Welcome to my "ible" #42.
My 1st attempt to build a pot pot boat. I've see a lot of different designs on YouTube and there are also a lot of tutorials, very useful... (thanks for that, by the way).
I've never fully liked the final results, so I've decided to make mine, entirely from Guinness Draught tin cans (my favourite beer). Please #drinkaware and just if you have the age required by the law in your own country.
If Guinness wants to sponsor, me sending me a few "samples", it will be more than welcome. :-)
For this "ible" you need:
2 cans of Guinness
28cm brass tubing 4mm diameter
scissor for metal
sandpaper 120 grits
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Step 1: Building the Hull
Using Google, type hull for pot pot boat, you'll find an example you can print and use to build your own one.
I made also a prototype, built using paper, to have a rough idea how the boat would have been, but later I've changed my mind, because I've realized putting a cylinder on it, would have immediately remind the can of beer.
Be extramely careful when you handle/cut the tin cans because the edges are sharp as razors!!!
Anyway, going back to the cylinder, I've cut a piece of 12cmx15cm.
Using the black electrical tape, I've joined the 2 sides together.
Step 2: Cut and Bend the Brass Tube
Using the hacksaw cut the pipe in order to have 2 tubes long 14cm.
After this step, bend them, using the table and a pair of plier.
Using the sandpaper, sand the brass tubes, in this way when you'll apply the epoxy glue you'll have a better bond.
Make 2x 4mm diameter holes in the stern (back) of the pot pot boat and 2 in the cylinder you've just made.
In this way the bent tubes will have a bit of support, keeping the boiler more stable.
Step 3: Build the Boiler
Step 1 - Cut a rectangle 18cmx9cm and fold it in half. Don't push it hard, otherwise you'll tear the metal compromising irremediably the seal.
Step 2 - Mark out 1 cm line around one half of the boiler.
Step 3 - Fold it in half and fold the tabs on both sides as well.
Step 4 - Cut off the excess tab, leaving one long tab along the bottom.
Step 5 - Slide the tubes 2cm inside the boiler, cutting the bottom tab along each side of the tubes.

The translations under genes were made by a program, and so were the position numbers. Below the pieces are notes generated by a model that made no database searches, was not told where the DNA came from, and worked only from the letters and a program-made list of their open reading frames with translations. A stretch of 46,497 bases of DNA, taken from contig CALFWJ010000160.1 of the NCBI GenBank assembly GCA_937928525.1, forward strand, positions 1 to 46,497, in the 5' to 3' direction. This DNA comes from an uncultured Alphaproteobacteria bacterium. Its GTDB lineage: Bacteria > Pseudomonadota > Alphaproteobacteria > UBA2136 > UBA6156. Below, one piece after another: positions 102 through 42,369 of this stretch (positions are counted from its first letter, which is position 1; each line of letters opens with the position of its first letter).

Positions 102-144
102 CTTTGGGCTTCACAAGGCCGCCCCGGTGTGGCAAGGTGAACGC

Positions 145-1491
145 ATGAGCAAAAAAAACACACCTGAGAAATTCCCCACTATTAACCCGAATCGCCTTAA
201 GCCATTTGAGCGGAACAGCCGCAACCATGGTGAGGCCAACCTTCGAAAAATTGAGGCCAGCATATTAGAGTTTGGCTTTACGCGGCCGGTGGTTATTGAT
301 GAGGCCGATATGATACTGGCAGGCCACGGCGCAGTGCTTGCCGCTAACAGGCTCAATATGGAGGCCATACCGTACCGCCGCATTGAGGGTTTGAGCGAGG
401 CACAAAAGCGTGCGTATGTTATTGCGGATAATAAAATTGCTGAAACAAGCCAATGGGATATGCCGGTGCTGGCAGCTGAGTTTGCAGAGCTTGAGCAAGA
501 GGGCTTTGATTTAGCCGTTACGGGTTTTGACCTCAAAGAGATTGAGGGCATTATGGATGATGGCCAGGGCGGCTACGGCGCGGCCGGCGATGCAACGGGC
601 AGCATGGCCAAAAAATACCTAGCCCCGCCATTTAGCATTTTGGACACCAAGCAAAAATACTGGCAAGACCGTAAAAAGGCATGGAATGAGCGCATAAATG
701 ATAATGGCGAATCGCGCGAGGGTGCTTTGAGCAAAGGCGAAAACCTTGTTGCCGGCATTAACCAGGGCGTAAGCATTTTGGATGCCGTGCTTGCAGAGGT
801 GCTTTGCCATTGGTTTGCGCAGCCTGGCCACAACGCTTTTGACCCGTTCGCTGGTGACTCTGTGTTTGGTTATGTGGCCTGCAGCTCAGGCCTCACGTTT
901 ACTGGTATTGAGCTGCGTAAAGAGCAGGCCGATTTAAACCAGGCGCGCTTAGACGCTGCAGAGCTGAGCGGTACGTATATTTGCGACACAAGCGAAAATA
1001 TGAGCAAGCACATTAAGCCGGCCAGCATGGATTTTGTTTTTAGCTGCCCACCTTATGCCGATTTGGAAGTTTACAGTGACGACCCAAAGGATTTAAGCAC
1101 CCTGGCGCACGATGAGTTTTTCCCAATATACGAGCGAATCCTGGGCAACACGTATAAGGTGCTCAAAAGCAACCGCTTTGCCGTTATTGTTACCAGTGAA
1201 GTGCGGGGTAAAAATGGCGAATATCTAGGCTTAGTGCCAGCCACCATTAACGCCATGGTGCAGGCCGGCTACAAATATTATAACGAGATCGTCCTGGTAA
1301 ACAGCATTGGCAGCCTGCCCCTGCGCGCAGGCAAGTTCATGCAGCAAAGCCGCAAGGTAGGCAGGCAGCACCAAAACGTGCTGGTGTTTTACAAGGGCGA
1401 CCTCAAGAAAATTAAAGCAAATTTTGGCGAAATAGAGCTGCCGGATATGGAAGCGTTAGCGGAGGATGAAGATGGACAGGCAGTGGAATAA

Step 6 - Sand all the sides of the boiler and, using a lot of epoxy glue (use disposable gloves when you handle it), create a thick layer around them, being sure that the tubes are completely surrounded by the glue, creating a good seal.
Complete this task giving a gentle squeeze (using the pliers) to the tabs previously cut, without ripping the metal.
During this task, be aware that a lot of epoxy will squirt out of the boiler, therefore do this process on a piece of disposable cardboard.
Let the glue set for 24 hours.
Step 4: Building the Quill
To give more stability to the boat, I built a quill, cutting 2 pieces from the tin can, following the shape of "The Harp".
I also put a 2 penny coin in between and I glue the 2 pieces together.
I made 2 tabs glueing the quill at the bottom of the pot pot boat.
In this way I've lowered the centre of gravity.
Step 5: Light a Tealight and Wait...
Using a syringe, prime the boiler with a bit of water, pushing the water in one of the tube.
Keep the boat flat during this process and wait, until you'll see the water coming out the 2nd pipe.
Light a tealight positioning it exactly under the boiler and wait...
it takes a few minutes before the water will start to boil.
In the meanwhile, watch the video about my previous failed attempt.
Step 6: Guinness Pot Pot Boat at Full Steam!
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